Title Into Daylight
Word Count 850
The window was much too high to reach. Even had they been able to touch the free air, the slit was no wider than a child's palm. It admitted light, in the mornings, which crept up the wall opposite. There was not enough to see by, really. It deepened the shadows, and it hurt Kit's eyes with sickening dazzle. But Kit watched it,each day, over and over, because he had no choice.
There were carvings on the wall across. They had been hacked into he stone by hands more clever or strong, than his, or more desperate. The sun picked them out in succession, limning them with gold. Each day was the same, the prayer, the name, the curse, the gap legged female obscenity. And, the apex, nearly six feet up, a cross so faint he might be imagining it.
On the first few days he and Watson spoke. They spoke of small things, things that had no weight. The other two men huddled on the floor of the cell said nothing, nor did they eat. They were alive, the rats avoided them, and he could hear them cough sometimes.
After some time Kit and Watson stopped speaking also. Kit let the silence rise in the throat like drowning. So much easier not to fight.
Watson's trial had been delayed. The reasons were unknowable. And anyway, Watson was ill. He huddled against Kit, sweating, feverish. Kit embraced him numbly. Sometimes the men outside the door brought bread or water. Sometimes, less often, they took the piss bucket away. Watson made no use of either. He burned instead.
Now the light was at prayer level. Enough light to look and see. Thomas Watson's eyes were red, crusted with vivid yellow, which stank. His mouth was swollen and cracked. He seemed to be awake, but it was hard to be sure.
“Watson-- Tom, ” Kit's voice was a penetrating whisper. Sound was crushed here, and a whisper seemed the best he could do.
“Watson, move over, I need to get up.”
Watson moaned and scrambled to a shivering sit. Kit stumbled to the corner. When he turned back Tom Watson had slumped to the side. His shivers had gone to shudders. He was drooling. He looked like a man dying of cold.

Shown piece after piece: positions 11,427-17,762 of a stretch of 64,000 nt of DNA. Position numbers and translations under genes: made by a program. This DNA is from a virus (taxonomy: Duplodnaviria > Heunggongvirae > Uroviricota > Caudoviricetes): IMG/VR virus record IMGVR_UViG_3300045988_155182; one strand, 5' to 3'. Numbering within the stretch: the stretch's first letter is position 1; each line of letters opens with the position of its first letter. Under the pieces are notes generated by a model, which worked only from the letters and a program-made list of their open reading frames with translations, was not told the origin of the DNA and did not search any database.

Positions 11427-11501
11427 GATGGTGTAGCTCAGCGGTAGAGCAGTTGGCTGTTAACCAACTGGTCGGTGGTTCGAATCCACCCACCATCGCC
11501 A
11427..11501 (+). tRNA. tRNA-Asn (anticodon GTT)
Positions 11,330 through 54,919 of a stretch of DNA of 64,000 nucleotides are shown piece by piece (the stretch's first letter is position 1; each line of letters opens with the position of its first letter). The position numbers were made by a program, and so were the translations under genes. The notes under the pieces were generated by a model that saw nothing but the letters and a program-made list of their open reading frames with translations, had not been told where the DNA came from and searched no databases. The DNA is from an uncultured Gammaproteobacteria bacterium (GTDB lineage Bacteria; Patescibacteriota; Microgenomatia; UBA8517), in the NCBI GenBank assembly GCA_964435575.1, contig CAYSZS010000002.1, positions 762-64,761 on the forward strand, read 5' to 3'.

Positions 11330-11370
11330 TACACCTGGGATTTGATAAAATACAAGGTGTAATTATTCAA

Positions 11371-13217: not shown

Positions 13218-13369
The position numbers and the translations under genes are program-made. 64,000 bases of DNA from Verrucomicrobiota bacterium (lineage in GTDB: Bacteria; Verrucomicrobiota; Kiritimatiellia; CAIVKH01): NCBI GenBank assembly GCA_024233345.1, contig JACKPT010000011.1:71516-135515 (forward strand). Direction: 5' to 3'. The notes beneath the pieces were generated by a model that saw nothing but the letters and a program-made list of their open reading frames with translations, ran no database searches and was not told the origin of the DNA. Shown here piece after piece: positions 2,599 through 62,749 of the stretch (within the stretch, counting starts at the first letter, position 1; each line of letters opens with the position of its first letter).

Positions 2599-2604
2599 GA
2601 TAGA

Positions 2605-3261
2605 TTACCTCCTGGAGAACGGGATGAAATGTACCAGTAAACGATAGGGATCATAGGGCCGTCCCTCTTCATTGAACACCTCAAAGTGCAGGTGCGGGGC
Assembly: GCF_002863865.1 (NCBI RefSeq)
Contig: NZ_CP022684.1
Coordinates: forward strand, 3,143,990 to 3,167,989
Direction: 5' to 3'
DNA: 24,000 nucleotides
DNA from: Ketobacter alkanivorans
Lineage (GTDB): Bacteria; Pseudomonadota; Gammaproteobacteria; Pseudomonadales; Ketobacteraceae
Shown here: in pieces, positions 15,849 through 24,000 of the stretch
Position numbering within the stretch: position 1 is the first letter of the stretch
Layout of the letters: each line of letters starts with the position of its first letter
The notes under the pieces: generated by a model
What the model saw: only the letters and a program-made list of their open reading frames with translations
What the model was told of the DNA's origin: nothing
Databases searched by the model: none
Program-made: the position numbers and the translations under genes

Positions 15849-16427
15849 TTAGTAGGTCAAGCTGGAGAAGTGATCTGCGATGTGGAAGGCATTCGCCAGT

Kit drew him close, arms around him, pressing his smaller body against the long frame. He wondered briefly about contagion. Too late. If it was to come it would. At times past, he he worried about his touch offending. Some men recoiled from his handshake, knowing what he was. But Tom Watson had never done that. And any desire of anyone in this squalid darkness, was an unknown and unimaginable perversion.
The feverish heat warmed Kit too. Eventually he let himself doze.
The crash of the door brought him up.
“Time to go.”
“Go where?” Kit croaked.
“Get up.” That was all he would get.
Kit stood, suddenly cold.
“You've been bailed-- get out.”
The prod at his back pushed him along, through an internal corridor, torchlit, even in day. He was given a book to sign, and the grinding stone of justice disgorged him to the street.
The air was delicious, and he took deep breaths. He pictured it cleaning his unknowable places inside. Yes, the air was good. But the blue sky was pitiless cold, and he had a long walk home.
He looked up, feeling stupid. Even his eyes were slow and tired.
“I have come to see you home.” Kyd said.
Kyd had brought an extra cloak, thick and woolly. He bundled it around Kit, as one does to a child. His blue eyes were kind, and somehow worn looking.
“You can stay with me-- until you find better.” he said. Kit turned his head, so he didn't weep.
The walk seemed to go on forever. He stumbled sometimes. The road was icy. Kyd walked beside him, quiet, but watchful.
The day was lowering now. It was later than Kit had thought. He could hear the bells far away, one layered over the next, telling the hour-- but he lost count.
“Just here.” They turned off the road, and climbed an external stair.
The door opened on an ordinary room-- small, whitewashed. Kit could see a table, crowded with writing, much like his own. There was a bed with a red wool cover. There was a joint stool near the fire. There was a puppy, who sniffed his shoes, and toddled away again, finding Kit dull.
“Sit down, Marlowe,” Kyd said. “My landlady has a bath-- I use it sometimes. Rest there and I will see--”
Kit nodded. He was still wrapped in the cloak, but he was warm against the wall, it was safe here. His feet stretched to the heat of the fire, and he let his head rest back on the wall. He was asleep before Tom Kit made it down the stairs.